I live in Orange County, Florida, which as it turns out is relatively enlightened compared to most of the other Florida counties. An example is the disbursement of corona virus vaccines. Orange County set up a relatively organized system for its at-risk citizens to create an appointment to receive the two shots. Other counties decided it would be an ad-hoc first come, first serve, and those were disasters with many at-risk citizens camped out in long lines waiting to sign up at certain respective locations. Here in Orange, my wife and I got an email alerts from OCAlert (Orange County Alert) on 28 December about the availability of the vaccines and to create an appointment as soon as possible. I, along with my wife, signed up by the morning of 29 December. Both of us will get our first shots this coming 9 January (a week from today) and the second on 6 February. As it turns out, all of those allocated doses for Orange County were spoken for within 24 hours.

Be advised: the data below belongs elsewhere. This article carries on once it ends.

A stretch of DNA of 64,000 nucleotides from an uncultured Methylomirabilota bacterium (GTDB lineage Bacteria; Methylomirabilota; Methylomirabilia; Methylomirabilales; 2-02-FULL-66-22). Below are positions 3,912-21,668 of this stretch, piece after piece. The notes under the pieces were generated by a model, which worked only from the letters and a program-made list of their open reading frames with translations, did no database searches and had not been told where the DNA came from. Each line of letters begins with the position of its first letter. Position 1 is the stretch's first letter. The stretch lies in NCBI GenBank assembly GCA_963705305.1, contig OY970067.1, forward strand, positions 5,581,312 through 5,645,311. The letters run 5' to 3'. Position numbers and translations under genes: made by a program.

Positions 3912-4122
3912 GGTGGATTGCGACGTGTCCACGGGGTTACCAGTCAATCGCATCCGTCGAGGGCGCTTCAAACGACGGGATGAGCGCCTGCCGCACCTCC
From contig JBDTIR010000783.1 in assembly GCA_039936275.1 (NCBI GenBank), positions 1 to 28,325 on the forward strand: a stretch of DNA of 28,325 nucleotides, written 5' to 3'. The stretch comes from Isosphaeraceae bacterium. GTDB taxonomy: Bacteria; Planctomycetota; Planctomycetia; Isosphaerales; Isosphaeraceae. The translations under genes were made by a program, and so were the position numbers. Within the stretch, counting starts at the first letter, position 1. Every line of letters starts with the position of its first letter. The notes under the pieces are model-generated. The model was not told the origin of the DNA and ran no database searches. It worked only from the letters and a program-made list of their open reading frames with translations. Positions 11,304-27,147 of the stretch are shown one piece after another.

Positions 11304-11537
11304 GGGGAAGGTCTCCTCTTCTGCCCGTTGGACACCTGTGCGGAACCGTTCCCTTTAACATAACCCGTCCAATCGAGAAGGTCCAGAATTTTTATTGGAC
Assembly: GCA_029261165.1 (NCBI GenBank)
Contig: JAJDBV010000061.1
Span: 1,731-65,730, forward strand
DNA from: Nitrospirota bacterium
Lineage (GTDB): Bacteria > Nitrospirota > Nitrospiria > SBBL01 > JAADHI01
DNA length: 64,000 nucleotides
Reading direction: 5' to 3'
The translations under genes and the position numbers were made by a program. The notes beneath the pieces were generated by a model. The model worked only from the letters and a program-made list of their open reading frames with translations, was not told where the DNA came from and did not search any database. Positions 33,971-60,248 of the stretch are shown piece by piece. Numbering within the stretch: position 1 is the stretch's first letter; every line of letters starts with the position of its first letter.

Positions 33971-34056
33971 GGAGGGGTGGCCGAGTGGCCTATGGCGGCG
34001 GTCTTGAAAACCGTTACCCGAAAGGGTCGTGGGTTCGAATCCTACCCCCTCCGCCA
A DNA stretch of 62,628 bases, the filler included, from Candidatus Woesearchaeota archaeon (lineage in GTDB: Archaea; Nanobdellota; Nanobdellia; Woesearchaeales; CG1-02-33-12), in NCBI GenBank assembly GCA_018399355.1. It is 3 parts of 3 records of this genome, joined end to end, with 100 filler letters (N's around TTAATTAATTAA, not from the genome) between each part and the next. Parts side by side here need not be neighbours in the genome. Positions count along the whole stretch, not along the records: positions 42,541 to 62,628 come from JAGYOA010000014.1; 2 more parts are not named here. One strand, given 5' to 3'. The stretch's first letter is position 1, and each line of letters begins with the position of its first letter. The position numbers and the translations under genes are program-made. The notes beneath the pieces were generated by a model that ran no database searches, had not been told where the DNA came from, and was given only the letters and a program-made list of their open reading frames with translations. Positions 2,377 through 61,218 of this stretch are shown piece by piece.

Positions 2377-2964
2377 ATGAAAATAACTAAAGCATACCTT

With reports now saying that the more infectious variant of the corona virus has been circulating since October 2020, our concerns with regards to mask wearing and social distancing are at an even higher level. That makes the vaccines even more vital. The two of us are in the high-risk category, which explains why we got the OCAlert emails; as it turns out not everyone got them, just the identified high-risk Orange County citizens. Even after we get our shots, we’re still going to responsibly practice mask wearing and social distancing, as well as minimizing our travel away from home. Moderna’s 94.5% efficacy is not 100%, and anything is still possible, especially without proper diligence.